Middle Eastern and North African countries need to reform their civil services and promote women in the labour market, said an IMF official.
"Size and productivity of the public sector need to improve," Nemat Shafik, the deputy managing director of the IMF, said yesterday. "Don't increase the wages too much in the public sector and encourage the private sector to create jobs."
Speaking on the sidelines of the fifth annual Women in Leadership Forum Middle East and Africa in Dubai, Ms Shafik talked about the challenges facing women in Mena and ways regional economies can help women achieve their economic potential.
In Gulf countries, including the Emirates, 80 per cent of women are employed in the public sector.
"It is unsustainable at the current levels," Ms Shafik said referring to regional public sector's employment capacity.
She also recommended flexibility in employment regulations to encourage the private sector to create jobs. High severance payments and the inability to let go of people discourage private firms from recruiting more people, according to Ms Shafik.
The public or government sector is still the preferred employer for women and men in Mena, with wages almost 30 per cent higher than in the private sector and with flexible work hours for women, according to Ms Shafik. Globally, private sector wages are 20 per cent higher than in the public sector, she said.
Employment rates in the public sector, however, vary widely among countries in the region. In Morocco 10 per cent of the workforce is employed in the public sector compared with 80 per cent in the Gulf, according to the World Bank.
About 3.8 million people, including Emiratis and expats, are employed in 285,000 firms in the private sector in the UAE, the Ministry of Labour said in March. Data for the number of people working in the public sector were not available.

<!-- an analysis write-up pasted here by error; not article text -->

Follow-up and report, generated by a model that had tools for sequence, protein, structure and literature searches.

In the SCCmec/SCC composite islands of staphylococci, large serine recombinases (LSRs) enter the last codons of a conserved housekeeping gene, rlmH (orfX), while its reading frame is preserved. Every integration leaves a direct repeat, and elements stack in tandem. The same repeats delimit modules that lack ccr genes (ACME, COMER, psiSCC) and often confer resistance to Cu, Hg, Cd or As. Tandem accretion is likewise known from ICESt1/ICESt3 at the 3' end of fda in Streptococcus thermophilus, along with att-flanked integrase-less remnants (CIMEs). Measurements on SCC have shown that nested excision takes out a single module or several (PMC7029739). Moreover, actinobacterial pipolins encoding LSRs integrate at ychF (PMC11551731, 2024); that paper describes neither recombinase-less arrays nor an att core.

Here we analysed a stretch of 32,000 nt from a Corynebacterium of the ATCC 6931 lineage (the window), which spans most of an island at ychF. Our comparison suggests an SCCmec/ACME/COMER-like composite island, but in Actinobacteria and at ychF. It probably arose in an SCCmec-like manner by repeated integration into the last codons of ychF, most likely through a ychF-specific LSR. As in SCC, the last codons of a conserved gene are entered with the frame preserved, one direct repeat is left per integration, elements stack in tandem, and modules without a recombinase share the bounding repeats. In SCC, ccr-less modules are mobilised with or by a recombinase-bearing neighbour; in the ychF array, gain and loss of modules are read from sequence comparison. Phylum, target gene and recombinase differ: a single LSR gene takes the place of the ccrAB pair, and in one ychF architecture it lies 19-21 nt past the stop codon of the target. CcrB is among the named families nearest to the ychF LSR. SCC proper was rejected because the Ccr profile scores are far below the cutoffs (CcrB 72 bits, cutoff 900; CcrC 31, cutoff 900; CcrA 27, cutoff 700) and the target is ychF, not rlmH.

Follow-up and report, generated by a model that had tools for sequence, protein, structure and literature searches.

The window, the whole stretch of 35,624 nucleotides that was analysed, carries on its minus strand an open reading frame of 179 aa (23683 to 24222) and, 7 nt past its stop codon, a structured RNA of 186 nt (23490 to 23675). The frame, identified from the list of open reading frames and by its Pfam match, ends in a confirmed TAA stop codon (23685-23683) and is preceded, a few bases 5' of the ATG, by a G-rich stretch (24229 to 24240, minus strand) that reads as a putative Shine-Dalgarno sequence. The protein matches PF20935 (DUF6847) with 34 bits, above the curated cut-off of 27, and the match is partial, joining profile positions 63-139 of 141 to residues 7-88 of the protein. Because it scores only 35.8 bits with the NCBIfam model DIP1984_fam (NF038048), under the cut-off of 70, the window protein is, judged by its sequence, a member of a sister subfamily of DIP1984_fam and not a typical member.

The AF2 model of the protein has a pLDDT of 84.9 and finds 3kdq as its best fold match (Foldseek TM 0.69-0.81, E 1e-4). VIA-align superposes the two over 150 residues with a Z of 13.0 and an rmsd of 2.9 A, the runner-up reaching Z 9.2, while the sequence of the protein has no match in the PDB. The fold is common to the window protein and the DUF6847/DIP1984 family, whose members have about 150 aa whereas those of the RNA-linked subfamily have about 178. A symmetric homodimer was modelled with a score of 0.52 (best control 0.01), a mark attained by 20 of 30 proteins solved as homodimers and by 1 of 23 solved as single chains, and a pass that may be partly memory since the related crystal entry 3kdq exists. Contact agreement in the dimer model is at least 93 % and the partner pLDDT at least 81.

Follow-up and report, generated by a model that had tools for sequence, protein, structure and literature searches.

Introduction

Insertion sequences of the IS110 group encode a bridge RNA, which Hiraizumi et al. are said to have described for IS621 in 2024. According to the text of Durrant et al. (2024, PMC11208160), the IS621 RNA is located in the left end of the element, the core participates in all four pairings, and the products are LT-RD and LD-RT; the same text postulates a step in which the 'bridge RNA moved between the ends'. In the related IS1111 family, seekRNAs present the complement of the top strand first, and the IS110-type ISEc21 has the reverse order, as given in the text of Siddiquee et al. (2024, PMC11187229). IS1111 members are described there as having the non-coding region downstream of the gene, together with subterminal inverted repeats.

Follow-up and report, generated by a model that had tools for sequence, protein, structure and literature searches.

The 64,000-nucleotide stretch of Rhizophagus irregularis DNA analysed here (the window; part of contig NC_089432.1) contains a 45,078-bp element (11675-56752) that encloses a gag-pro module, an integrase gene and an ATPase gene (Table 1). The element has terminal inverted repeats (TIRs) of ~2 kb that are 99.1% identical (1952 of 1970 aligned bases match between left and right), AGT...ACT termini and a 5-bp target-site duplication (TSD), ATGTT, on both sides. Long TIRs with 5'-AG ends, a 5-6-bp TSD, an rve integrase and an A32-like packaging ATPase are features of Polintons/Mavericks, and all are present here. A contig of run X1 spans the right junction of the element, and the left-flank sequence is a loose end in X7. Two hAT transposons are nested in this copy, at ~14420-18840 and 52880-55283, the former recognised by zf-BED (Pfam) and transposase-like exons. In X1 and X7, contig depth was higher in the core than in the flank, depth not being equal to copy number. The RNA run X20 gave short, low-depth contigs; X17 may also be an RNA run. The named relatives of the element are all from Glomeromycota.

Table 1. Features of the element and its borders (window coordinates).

Quality of graduates and access to lending need to improve to encourage the private sector to create more jobs and take the pressure off the public sector, Ms Shafik said.
"Quality is still a problem," she added. "Many graduates do not have the right skills for the business sector."
"Only 10 per cent of firms in Mena have access to banks, among the lowest in the world," she said.
Creation of jobs in the private sector is necessary as Mena countries face slower annual GDP growth this year and next.
This year the IMF lowered the expected rate of the economic growth of oil-exporting countries, which includes the UAE, Algeria, Libya, Iraq and Iran, to 3.2 per cent from 5.7 per cent in 2012. It is projected at 3.7 per cent for next year.
For Gulf countries, the annual GDP growth is projected at 4 per cent this year, down from 6 per cent last year. It is projected to stagnate at 4 per cent next year.
This is barely enough to keep creating jobs at the rate of demand growth, the IMF official said.
When it comes to gains in educational levels among women, Mena and particularly the Gulf have done well, growing the fastest in the world, Ms Shafik said.
As a result gender imbalance is felt the most among youths with unemployment rates among women as high as 40 per cent in many countries in the region.
"Mena countries have wisely invested in women's education but they are not yet fully tapping into their potential to contribute to growth and prosperity," Manuela Ferro, the director for poverty reduction and economic management in Mena at the World Bank, said in March.